I am at the Chefs Collaborative in Charleston, about which I will write more. So in light of the new book Melt: The Art of Macaroni and Cheese, I’m reposting what has become one of the most clicked-on posts on this site. That it is a mac and cheese variation speaks to the fact of how beloved it is. Needless to say, raise the quality of your cheese and you make this dish stellar.
I needed a dinner that was easy and delicious, would please everyone, one that also reheated well in case my daughter’s track meet ran late, and I had to be able to make it long before serving so it would be just a matter of reheating come dinnertime. There are of course a thousand options that fit these criteria, but last week, I was in a nostalgic mood and thought back to school lunches, one of my favorites, macaroni and beef. We were always famished by lunchtime and this dish was dependable and impossible to screw up by a 1970’s school kitchen. For a midweek meal I went as simple as could be. The only way I’d change it, I decided, would be to pile a monstrous amount of cheddar and mozzarella on top at the end and flash it beneath the broiler.
I know why we call dishes comfort food, because that’s their undeniable effect—this one was sooo good—but what is it about them that causes the comfort? Pasta and cheese, chief among comfort foods.
Simple Macaroni and Beef with Cheese
- 1 large onion, diced
- 1 tablespoon canola oil
- salt to taste
- 2 pounds lean ground beef
- one 28-ounce can whole tomatoes, pureed in the can with a hand blender or in a blender
- 1 box macaroni
- 1 cup each grated cheddar and mozzarella cheeses
- optional seasonings: black pepper, oregano, cumin, coriander, chopped garlic, hot smoked paprika, chili powder—whatever you’re in the mood for (I just used black pepper, garlic, and a tablespoon of fish sauce, which gives it depth)
- Sweat the onions in the oil with a three-finger pinch of salt. Add the beef and cook it, breaking it up as you do. (Because my beef was very fatty, I cooked it separately and added it to the pot along with the tomatoes. Also an option, but uses an extra pan.) Add another three-finger pinch of salt or two, along with any dry seasonings you want. Add the tomatoes and any fresh seasonings you may be using, bring to a simmer, then reduce the heat to low and cook for 1 hour.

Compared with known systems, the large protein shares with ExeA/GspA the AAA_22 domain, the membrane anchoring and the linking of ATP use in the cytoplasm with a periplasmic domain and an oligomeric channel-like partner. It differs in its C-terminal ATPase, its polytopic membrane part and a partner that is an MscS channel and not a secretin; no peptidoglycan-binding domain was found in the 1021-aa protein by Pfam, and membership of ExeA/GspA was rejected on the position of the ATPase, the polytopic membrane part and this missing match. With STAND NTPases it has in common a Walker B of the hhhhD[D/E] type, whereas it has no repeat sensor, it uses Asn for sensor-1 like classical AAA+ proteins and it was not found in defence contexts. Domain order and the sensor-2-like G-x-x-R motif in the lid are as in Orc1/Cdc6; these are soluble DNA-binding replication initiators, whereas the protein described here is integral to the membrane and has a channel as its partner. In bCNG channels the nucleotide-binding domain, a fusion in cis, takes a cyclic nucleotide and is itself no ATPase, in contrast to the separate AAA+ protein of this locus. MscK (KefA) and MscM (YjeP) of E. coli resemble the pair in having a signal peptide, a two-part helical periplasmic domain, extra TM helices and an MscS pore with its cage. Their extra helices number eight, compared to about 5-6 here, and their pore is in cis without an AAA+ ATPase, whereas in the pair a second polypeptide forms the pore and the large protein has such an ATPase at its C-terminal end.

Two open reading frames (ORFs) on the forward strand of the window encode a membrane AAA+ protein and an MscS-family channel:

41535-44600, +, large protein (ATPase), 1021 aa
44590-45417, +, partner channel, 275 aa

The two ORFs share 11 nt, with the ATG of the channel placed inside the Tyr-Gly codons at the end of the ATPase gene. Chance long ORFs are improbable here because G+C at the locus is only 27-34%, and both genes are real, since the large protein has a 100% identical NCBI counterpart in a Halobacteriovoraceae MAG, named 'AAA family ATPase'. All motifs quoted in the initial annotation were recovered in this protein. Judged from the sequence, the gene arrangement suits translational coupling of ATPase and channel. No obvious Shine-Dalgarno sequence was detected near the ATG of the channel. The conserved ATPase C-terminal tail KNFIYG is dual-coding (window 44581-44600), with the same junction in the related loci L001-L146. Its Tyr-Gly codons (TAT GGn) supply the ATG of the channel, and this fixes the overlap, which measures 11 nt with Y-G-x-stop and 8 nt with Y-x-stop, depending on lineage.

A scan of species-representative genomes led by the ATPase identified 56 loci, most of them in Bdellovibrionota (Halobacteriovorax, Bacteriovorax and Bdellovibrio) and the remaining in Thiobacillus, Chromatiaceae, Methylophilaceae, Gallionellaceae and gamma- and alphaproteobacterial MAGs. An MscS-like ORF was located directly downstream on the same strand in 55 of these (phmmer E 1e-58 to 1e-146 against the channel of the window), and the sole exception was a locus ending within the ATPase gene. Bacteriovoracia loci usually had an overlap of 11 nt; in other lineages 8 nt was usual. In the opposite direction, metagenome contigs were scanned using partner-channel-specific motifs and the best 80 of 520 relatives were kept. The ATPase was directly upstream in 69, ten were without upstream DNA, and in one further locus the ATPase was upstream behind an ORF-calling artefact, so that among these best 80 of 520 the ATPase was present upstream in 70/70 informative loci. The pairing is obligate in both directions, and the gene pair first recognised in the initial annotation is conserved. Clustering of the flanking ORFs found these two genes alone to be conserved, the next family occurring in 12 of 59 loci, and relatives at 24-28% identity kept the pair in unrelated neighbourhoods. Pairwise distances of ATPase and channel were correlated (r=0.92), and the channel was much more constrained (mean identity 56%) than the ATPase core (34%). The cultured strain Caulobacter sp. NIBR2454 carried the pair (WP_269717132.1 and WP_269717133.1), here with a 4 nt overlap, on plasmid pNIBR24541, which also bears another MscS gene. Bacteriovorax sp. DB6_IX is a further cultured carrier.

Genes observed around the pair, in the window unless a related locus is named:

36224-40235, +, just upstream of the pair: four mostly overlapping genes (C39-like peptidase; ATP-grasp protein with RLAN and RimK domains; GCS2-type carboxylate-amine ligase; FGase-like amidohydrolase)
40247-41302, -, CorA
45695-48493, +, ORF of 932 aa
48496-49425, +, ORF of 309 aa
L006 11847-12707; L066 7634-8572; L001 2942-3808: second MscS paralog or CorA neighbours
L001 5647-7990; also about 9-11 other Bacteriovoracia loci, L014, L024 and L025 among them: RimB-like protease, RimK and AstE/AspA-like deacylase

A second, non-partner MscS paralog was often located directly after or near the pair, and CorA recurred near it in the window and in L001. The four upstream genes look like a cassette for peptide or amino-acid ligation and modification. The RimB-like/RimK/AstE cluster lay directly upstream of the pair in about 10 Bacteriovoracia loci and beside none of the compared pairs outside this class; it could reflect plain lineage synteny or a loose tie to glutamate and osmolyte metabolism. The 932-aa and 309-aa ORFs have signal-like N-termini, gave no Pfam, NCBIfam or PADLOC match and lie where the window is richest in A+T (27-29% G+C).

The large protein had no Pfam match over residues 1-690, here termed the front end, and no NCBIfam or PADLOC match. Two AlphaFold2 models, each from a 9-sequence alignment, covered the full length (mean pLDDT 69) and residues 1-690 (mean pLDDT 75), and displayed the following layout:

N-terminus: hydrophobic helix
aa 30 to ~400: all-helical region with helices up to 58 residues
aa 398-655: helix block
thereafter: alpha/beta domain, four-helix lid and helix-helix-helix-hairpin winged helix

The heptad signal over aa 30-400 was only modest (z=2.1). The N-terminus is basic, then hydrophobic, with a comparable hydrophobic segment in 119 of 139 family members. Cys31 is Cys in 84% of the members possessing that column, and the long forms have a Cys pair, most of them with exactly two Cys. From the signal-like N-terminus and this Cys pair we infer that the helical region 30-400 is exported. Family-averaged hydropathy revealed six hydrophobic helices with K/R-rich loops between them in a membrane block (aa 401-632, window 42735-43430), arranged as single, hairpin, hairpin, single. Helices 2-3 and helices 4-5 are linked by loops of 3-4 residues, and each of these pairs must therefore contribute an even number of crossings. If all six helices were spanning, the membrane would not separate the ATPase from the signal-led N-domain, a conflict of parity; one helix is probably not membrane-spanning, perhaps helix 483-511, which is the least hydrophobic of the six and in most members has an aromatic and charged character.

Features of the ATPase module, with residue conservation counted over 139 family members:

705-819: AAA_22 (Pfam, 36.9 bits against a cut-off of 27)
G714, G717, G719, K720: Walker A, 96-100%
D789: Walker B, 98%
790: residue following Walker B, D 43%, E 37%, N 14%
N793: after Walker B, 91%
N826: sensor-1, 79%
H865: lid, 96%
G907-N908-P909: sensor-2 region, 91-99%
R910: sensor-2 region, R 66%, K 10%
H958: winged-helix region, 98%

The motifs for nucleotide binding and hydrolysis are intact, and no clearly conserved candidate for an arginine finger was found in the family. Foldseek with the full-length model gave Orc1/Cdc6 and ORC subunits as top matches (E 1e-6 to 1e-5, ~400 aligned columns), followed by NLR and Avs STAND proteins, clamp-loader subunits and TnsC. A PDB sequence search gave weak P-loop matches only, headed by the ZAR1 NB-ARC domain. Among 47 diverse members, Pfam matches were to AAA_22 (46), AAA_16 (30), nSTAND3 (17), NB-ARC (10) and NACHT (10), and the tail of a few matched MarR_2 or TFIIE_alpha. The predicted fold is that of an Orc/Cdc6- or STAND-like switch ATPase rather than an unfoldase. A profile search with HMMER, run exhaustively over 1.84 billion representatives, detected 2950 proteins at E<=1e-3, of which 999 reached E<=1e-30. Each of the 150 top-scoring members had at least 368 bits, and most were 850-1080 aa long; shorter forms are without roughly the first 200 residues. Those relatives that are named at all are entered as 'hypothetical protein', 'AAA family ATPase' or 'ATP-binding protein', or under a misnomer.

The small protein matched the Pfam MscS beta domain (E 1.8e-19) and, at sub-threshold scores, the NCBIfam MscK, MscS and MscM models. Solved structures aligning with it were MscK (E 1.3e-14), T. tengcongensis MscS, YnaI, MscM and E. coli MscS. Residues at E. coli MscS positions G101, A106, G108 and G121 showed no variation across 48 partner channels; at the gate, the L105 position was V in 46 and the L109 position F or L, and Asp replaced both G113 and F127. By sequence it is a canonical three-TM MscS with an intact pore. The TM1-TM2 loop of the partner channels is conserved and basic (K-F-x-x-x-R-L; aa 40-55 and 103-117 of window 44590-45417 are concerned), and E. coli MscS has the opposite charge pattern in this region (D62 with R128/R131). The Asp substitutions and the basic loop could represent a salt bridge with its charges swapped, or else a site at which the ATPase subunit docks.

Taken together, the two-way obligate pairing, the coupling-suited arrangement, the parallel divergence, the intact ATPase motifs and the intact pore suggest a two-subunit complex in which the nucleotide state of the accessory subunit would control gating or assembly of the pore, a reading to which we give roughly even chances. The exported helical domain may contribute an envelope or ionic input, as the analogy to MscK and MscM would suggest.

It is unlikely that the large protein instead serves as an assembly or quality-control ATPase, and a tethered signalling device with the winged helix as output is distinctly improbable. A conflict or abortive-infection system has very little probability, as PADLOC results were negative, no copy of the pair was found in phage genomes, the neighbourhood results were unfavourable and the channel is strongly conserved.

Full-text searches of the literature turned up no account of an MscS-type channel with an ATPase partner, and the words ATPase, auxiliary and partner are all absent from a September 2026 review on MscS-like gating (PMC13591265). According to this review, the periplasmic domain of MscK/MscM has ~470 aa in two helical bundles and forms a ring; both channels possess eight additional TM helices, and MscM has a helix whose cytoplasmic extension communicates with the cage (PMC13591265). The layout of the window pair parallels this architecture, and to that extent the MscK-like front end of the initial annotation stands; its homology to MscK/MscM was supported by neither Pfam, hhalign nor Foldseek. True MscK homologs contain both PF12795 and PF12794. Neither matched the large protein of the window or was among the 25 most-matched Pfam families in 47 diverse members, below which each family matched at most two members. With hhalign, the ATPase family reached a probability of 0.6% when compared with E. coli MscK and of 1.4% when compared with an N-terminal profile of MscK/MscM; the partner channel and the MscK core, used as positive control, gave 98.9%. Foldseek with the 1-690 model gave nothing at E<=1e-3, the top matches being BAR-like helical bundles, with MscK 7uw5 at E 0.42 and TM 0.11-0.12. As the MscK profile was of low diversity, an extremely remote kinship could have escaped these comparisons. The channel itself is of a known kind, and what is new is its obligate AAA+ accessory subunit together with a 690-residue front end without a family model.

- Cook the macaroni in boiling water till it’s half-done. Drain it and add it to the tomatoes. (I wanted this to stretch into two meals, so I used the whole box, but if you want your dish to be very tomatoey and beefy, you might want to add only half the macaroni.) Stir it into the sauce. Taste it. Add more salt and other seasonings as needed, and cover. When it’s cooled and the pasta has absorbed the tomato juices, transfer it to a large baking dish and cover it with foil. It can sit out for several hours like this, be refrigerated for up to two days, or frozen a few weeks.
- Bake it in a 400°F/205°C oven till it’s piping hot (about 45 minutes if it’s cold to room temperature). Just before you’re ready to eat, remove the foil, cover the macaroni with the cheese and broil till it looks beautiful.
- Having used all the pasta, I put the second batch into the cleaned baking dish and covered it with foil, wrote “Mac and Beef, bake, cover with cheese and broil” on the foil with a sharpie—so that next time I’m gone, Donna has a mid-week meal ready to go.
Now that we have this frozen version, it begs the question, “What is the difference between pulling this homemade version and baking it, and cooking the ubiquitous store-bought kind?” Besides the fact that it’s more satisfying to serve from glass than from foil or plastic? Besides the good ingredients and lack of bad ones? Besides all that extra, gooey, delicious melted cheese? Besides that it was fun to make? Besides that it tastes better?
Love. It makes a difference.
If you liked this post, take a look at these links:
- My award-winning book Ruhlman’s Twenty.
- Pioneer Woman’s recipe for Fancy Macaroni and Cheese.
- 10 things you should do with macaroni and cheese.
- Smithsonian provides some perspective on the history of macaroni and cheese.
© 2013 Michael Ruhlman. Photo © 2013 Donna Turner Ruhlman. All rights reserved.